See, that's the problem. A real atheist doesn't just not believe. Non-belief is common, even among religious people. Faith issues are common in religion. People who don't go to church don't understand that. Crap, the Bible is full of such stories. Read a little.

A real atheist doesn't just disbelieve, but insists that God doesn't exist. Defend that!

Etienne said...

Good Lord. This line of questioning is completely out of order.

The Senator has sworn to uphold the Constitution, and he violated that by denying the man "freedom from religion."

Of course the idiot should have said "I'm sorry Senator, but your line of question is not appropriate, and I will not discuss religion in a whorehouse."

exiledonmainstreet said...

Fernandinande said...
Angel-Dyne said...
I'm always puzzled why some non-believers get so terribly butthurt about what some believer thinks is going to happen to them in the world to come, which the butthurtee doesn't believe in, anyway.

I've never heard of such a thing. Any examples?

6/11/17, 9:12 AM

In college, an atheist acquaintance of mine got very indignant when a street preacher told him he was going to hell. It was amusing.

Fundamentalist Christians have different beliefs regarding Mary, the Pope, saints, etc. than Catholics do. I don't care what they think because they are not blowing me up or shooting me.

It doesn't seem to occur to secular Jews that whenever you see a Muslim woman with a headscarf, you are looking at someone who almost certainly thinks the state of Israel should be destroyed and would celebrate if it happened. Hatred of Israel is almost a bedrock belief, and yet Bernie frets over a Christian who thinks he's going to hell.

Bernie, he might think you're going to hell, but he doesn't think it's his sacred duty to send you there himself.

Glen Filthie said...

Bernie Sanders needs to be tied into a chair and beaten to death with a lead pipe.

That dumbass is STILL scolding people for being islamophobic? How many candle light vigils, weepy hashtags, and shredded children do Ya gotta see before you get the idea that maybe some of those mutts SHOULD be sent to hell? A full blown race war is setting up and may expand into a civil war... And that idiot lectures and scolds and fans the flames.

sunsong said...

“It’s not about ‘deserve.’ It’s about what you believe. And I believe in love.”
~ Wonder Woman

n.n said...

Atheism is not a religious/moral philosophy. It is a conflation of logical domains.

The State-established Church is Pro-Choice, selective, opportunistic, and unprincipled. It is a Church led by mortal gods, interpreted by liberal judges, teachers, scientists, profits (sic), etc., and attended by the twilight (a.k.a. penumbra) faithful.

I wonder how long before the dysfunctional convergence.

Virgil Hilts said...

This makes me furious. If I had been the nominee I would have asked Mister Sanders "to be fair are you going to ask every Muslim that gets nominated about his beliefs, about whether he believes anyone can be saved without accepting Allah, or whether someone who leaves the Muslim faith is damned. What about Jewish candidates - are you going to ask them about all this crap you hear about Jews regarding themselves as the "chosen people" regarded above all others in the eyes of God? Is there any strong religious faith among the major religions that in your mind can be held without disqualifying one for public office?"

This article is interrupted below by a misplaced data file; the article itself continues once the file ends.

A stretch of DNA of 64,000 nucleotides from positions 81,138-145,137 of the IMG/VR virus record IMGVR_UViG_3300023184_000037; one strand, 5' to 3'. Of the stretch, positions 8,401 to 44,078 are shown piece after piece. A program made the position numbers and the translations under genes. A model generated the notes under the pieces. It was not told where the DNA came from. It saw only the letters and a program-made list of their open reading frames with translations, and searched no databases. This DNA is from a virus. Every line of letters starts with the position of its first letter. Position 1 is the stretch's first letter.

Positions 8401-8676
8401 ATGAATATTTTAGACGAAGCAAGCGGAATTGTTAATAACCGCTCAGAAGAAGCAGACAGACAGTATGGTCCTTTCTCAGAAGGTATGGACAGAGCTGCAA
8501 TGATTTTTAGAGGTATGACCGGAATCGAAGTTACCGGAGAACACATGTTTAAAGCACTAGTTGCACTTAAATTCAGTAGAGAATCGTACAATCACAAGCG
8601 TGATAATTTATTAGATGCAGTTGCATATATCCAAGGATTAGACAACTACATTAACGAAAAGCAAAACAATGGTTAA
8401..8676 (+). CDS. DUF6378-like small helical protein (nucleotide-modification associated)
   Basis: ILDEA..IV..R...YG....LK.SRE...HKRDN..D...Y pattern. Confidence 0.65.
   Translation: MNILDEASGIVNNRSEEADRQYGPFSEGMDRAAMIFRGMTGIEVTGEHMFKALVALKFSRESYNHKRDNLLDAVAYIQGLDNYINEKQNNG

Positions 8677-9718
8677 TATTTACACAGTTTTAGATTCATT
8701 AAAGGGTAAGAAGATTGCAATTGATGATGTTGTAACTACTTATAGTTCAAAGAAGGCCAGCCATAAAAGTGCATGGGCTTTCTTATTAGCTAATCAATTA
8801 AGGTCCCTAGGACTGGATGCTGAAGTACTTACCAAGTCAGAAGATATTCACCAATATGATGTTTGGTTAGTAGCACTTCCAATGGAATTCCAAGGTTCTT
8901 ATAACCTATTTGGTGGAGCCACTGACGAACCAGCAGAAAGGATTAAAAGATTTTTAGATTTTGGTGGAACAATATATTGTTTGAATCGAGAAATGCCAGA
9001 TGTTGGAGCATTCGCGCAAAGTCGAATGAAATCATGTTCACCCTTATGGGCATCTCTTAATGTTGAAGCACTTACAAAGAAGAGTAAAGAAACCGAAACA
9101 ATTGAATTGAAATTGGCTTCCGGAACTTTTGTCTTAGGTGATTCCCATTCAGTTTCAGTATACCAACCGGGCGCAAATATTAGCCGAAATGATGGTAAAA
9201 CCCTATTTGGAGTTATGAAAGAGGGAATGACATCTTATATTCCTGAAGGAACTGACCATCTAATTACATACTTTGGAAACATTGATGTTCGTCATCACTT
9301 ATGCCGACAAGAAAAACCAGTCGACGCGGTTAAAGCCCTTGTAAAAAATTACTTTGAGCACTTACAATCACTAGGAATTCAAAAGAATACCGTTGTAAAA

I'm not very religious but this type of attitude makes me sick. Piss off Bernie.

Robert Cook said...

"The Pew Research Center recently found that nearly 60 percent of Americans surveyed believe in hell."

This is a big part of our problem, right here. Along with the reality that few Americans read. We are a nation of blind idiot children. But then, are we different from people in other nations? We're all just animals stumbling and flailing fearfully in an indifferent cosmos, led by fools and lunatics, worshipping and fighting over phantasms.

Robert Cook said...

I wonder how sanguine the commenters criticizing Sanders would be if a Muslim candidate for a federal position publicly asserted that Christians, not being believers in Allah or followers of the Quran, therefore "stand condemned."

Renee said...

Well I thought the Christian dude did well

Owen said...

Sanders' line of questioning seems completely inappropriate. Why is he going there? If he wants to black-ball the guy, there are far less ugly and obviously illegal ways. It's as if he *wants* to stir up indignation among Christians and, yes, people who just care about the Constitution.

Does Bernie have a deeper game going? Or is he just incredibly stupid and bad at his job?

Big Mike said...

Bernir needs to go down to Venezuela and explain to Maduro how to apply the principles of socialism properly, leading to peace and prosperity for all.

AReasonableMan said...

Robert Cook said...
"The Pew Research Center recently found that nearly 60 percent of Americans surveyed believe in hell."

This is a big part of our problem, right here.


Pretty sure you are going to hell.

Bob Ellison said...

"Sanguine" is a word that nowadays has a new meaning. It's a snarky thing, meaning "I, the writer, am signaling that the person I'm talking about is a baddee."

Quite far from its etymological roots.

Robert Cook said...